After a busy month of trotting around the globe, Design Insight Consultant Rosie Brodhurst-Hooper has put together a series of posts examining the key cultural differences in public hygiene, art& culture, public transportation and her favourite, fashion& retail.
After a rather confusing cab situation (black-market cabs endorsed by airport staff?!), I was thrown into the running theme of transport confusion that would carry me through the next 5 days in New York City. After arriving at the airport and what can be described as a ‘good value’ bus-trip over the river, I found myself in a cab negotiation session which I was yet to be prepared for.
Like the experience of New York in general, I really did find managing their transport system to be quite fraught. With their reputation preceding them, I approached cab drivers with caution, following the advice of friends that I should just jump in and then bark orders!
The New York Subway was a different animal, with locals proclaiming their network to be ‘the simplest to navigate in the world’. I beg to differ. Being a seasoned tube traveller, I can get to most Zone 1 or 2 destinations without even referring to the trusty London tube map, but the New York Subway was a struggle from the start. Branches, colours, lines and engineering works taking us all the way into the depths of Long Island city, not towards Times Square as we hoped.
As the lowly Metrocard does rule in NYC, I experienced another travel bugbear of mine, thanks to their counter-intuitive top-up machines, with an unfriendly user-interface, and unstated rules about the amount of money allowed to-top up at a single time.
NYC Subway Image credit: Mike Fleming Image source: Flickr Creative Commons
Japan Subway Map image credit: Bureau of Transportation Tokyo Metropolitan Government Image Source:http://www.tokyometro.jp/en/subwaymap/index.html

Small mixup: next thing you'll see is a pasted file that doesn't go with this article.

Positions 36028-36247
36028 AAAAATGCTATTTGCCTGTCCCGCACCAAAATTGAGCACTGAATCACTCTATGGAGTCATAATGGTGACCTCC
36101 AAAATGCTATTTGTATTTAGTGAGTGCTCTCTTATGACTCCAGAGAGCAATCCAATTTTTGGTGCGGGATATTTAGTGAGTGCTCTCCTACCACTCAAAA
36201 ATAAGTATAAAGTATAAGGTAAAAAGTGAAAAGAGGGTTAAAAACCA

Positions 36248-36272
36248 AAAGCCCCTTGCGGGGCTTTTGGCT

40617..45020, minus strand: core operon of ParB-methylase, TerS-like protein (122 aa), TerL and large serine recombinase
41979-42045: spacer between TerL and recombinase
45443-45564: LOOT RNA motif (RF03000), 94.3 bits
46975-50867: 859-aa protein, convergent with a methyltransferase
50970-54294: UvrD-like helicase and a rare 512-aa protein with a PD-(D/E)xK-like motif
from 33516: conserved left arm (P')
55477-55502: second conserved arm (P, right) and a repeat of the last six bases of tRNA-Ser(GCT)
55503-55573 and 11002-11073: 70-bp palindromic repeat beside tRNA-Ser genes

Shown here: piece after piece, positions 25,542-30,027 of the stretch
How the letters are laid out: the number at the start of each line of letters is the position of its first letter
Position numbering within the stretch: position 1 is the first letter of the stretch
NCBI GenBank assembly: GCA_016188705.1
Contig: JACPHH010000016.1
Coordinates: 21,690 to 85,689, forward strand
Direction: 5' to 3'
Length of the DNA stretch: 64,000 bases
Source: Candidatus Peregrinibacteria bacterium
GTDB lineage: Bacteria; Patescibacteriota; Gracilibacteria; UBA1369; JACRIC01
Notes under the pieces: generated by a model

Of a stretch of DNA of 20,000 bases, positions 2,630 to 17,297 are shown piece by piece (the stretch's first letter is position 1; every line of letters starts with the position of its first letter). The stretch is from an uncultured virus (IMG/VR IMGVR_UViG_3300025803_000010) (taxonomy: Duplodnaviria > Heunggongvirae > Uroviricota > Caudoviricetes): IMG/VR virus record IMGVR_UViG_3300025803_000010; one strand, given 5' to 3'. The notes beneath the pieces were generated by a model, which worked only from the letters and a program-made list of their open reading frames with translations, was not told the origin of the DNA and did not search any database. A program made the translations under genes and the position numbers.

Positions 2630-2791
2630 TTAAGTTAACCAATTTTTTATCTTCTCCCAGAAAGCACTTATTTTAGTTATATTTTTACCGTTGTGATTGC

Looking at the Tokyo Subway in Kanji can be a little daunting for a first time visitor, so I was very thankful that English versions were readily available.
Unlike the New York System, although the colour and numbered lines system is the same, the formatting (less curved/less branches) seems to be more formulaic, and navigable.
Image credit: PDD
I found my mini travel from Shibuya to Takebashi to be largely stress-free, and even enjoyed seeing the signage for women-only trains in peak hours, something which London Transport could do with copying!
Image credit: PDD
Of course, linking back to Christian and James Steiner’s blog post about cuties, it was interesting to see such a typically un-friendly vehicle as a bus be transformed by a sunny colour-scheme and a mega-cute dog.
Image credit: RATP Image source: RATP
With me being much more familiar with France, and Paris in particular, I found their transport network to be most like London’s. Saying that, I would never dare try and get a bus in Paris, a feat far beyond my means, even at my ‘intermediate’ tourist status .
I am always shocked that Parisian trains going to Charles De Gaulle airport (on the RER) are so unmaintained. Foul-smelling, rubbish filled, noisy and packed are not adjectives I would expect to be associated with the welcome-to-Paris-wagon that (cheaply) delivers visitors into central Paris.
Image credit: PDD
But, on the other hand, the French do have their own transportation curveball. Anything double-decker fascinates me, whether it’s the old-style buses housed in the TfL Museum, or even the anticipation of getting to have a ride on the top-deck of the new 38 Routemaster buses, so imagine my delight on seeing Paris’ double-decker TRAINS! Unfortunately I am yet to take a ride, but, will make it my mission on returning to Paris at the end of April.
Posted by PDD
Languages spoken: Global.
The last thing that inspired me: Design and Innovation.
My dream project: A project that makes a difference in the world.
My obsession: Develop successful, award-winning and world-first products and experiences.
Image credit New York City Subway Map (updated October 2011) image credit : MTA Image source: MTA